The end result is not exactly the train wreck that you might expect, considering that the band is more or less making up the songs as they go along. Start and Complete is a loose, breezy album of 13 quasi-sketches and one bona-fide long form jam, that is, upon first blush, less experimental and more of an exercise in creating groovy, slinky keyboard pop with the edges unpolished. Some of it is actually even soulful. That is not to say that the record isn’t without its own particular flaws, but Start and Complete is strangely listenable and compelling on its own hastily recorded terms.
The natural starting point in talking about Start and Complete comes about two-thirds of the way through. “You’re No Good” is not only the album’s first single, it is a sprawling 11-minute epic cut loose: a cover of a 1967 song by avant-garde composer Terry Riley, who, in turn, was covering Harvey Averne’s Latin-infected soul version. In Riley’s adaptation, he ran two copies of the track alongside each other, blending the tapes at key points, dropping the sounds out sometimes and occasionally slowing down things, making what might have been the world’s first ever remix in the process. That spirit permeates About Group’s take, which starts out with a series of computerized bleeps and bloops, some lazy warm-up keyboard chords, before Taylor’s croon bubbles up and the band starts out in a straight-forward reading of the track. About three and a half minutes into it, however, Taylor simply sings the titular refrain over and over as various instrumentation drops in and out of the mix, before he himself is silenced, the rest of the players kick out and perform free-form over slightly shifting drum parts. From there, the song just sprawls, making it easily the most ambitious thing to be found on Start and Complete. Here, About Group showcases their improvisational chops in full earnest, and they do an agreeable job on performing a live, jazzy, off-the-floor version of the track. For a piece of extended music, it’s actually pretty not bad, in all of its slack wonder.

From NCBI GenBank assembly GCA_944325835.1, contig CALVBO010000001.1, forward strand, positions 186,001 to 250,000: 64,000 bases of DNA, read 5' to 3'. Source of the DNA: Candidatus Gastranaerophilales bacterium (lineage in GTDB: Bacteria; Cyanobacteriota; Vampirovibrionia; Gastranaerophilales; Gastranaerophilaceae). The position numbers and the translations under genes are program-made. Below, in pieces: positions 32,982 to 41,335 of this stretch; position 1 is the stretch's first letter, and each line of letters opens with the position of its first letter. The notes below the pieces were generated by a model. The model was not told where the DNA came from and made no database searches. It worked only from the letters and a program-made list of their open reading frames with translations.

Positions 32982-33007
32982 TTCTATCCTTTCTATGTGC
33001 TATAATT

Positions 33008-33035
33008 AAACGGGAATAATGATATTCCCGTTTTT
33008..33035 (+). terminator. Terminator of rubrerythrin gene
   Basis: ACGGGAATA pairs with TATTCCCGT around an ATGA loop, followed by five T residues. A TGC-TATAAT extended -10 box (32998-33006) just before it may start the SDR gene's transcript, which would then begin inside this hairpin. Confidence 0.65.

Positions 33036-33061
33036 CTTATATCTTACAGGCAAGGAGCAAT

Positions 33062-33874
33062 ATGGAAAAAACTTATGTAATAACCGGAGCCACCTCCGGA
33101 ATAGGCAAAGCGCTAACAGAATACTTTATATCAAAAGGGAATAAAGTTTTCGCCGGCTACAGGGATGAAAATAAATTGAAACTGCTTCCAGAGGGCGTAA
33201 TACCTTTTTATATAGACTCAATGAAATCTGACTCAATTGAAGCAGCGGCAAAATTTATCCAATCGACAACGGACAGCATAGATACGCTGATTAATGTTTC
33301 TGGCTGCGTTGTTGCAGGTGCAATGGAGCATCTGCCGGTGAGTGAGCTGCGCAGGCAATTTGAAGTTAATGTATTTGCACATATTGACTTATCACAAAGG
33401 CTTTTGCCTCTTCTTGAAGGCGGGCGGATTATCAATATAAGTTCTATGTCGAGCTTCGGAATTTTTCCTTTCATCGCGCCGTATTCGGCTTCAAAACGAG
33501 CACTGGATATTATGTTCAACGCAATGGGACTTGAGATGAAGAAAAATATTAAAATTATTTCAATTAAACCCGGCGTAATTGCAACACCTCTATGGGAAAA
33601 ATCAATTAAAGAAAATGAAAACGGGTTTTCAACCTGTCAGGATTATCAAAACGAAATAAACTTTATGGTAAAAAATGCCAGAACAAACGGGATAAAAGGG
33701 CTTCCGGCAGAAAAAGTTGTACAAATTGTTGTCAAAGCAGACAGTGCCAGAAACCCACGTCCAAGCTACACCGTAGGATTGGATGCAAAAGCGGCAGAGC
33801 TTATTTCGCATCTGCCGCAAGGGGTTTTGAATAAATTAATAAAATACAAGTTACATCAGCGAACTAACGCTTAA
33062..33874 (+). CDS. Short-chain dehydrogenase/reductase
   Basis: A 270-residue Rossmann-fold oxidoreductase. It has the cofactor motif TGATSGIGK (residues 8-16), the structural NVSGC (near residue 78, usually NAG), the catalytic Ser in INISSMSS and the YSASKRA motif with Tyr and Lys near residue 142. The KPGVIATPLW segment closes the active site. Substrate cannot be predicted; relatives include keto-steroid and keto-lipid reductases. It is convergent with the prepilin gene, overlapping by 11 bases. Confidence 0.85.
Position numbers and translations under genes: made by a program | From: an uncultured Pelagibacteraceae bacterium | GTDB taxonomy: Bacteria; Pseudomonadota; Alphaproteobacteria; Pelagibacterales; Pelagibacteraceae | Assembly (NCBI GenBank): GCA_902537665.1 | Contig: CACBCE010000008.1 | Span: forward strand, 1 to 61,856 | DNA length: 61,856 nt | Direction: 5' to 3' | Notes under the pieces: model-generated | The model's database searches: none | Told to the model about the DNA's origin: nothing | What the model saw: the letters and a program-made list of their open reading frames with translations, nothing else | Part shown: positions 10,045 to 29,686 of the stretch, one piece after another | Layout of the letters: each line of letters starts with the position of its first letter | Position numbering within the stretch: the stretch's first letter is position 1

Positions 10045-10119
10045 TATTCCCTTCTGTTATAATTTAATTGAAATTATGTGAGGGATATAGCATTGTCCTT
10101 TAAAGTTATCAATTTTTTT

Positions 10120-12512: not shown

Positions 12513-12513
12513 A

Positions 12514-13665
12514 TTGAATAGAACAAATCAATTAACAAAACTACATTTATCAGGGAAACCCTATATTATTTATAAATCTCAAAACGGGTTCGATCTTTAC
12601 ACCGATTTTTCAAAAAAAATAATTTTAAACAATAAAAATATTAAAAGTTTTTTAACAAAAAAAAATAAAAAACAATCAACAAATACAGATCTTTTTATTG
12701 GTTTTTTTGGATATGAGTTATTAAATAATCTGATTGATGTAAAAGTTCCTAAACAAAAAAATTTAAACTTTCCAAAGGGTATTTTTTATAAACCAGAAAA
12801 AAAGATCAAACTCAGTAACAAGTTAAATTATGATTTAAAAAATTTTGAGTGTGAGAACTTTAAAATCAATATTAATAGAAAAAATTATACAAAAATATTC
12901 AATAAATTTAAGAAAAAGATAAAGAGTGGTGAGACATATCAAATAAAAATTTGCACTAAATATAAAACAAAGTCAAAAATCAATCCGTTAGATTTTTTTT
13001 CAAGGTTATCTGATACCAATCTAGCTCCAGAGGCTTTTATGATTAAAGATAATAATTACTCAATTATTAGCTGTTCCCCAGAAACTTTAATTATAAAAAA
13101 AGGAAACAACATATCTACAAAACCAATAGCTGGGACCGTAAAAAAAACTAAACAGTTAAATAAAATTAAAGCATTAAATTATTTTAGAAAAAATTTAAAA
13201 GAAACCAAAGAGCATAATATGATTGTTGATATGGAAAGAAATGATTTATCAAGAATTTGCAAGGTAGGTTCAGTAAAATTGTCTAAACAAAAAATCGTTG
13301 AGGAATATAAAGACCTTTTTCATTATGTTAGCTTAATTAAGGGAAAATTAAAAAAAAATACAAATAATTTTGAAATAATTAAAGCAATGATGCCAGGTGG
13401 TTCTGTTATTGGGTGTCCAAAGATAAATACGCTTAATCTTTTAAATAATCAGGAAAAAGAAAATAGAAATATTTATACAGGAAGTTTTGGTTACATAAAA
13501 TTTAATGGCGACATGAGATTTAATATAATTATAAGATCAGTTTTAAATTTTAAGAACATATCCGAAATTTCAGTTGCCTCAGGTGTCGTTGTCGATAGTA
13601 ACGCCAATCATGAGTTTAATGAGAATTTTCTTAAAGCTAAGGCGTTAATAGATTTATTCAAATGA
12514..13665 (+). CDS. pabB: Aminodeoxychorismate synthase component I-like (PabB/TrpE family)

True, it’s still a bit long, and it just ends without a sense of flourish, but it is still fairly remarkable insofar as this is the sort of thing you might expect to find on a live album, the one place where bands give themselves the free range to just break things down and extend their songs. That said, considering that it is far and away the longest song to be found on Start and Complete, it does seem a little out of place, and you might be wondering what the point of the exercise is considering that the rest of the material is much more compact, with songs barely eclipsing the two or three minute mark except for a handful of circumstances.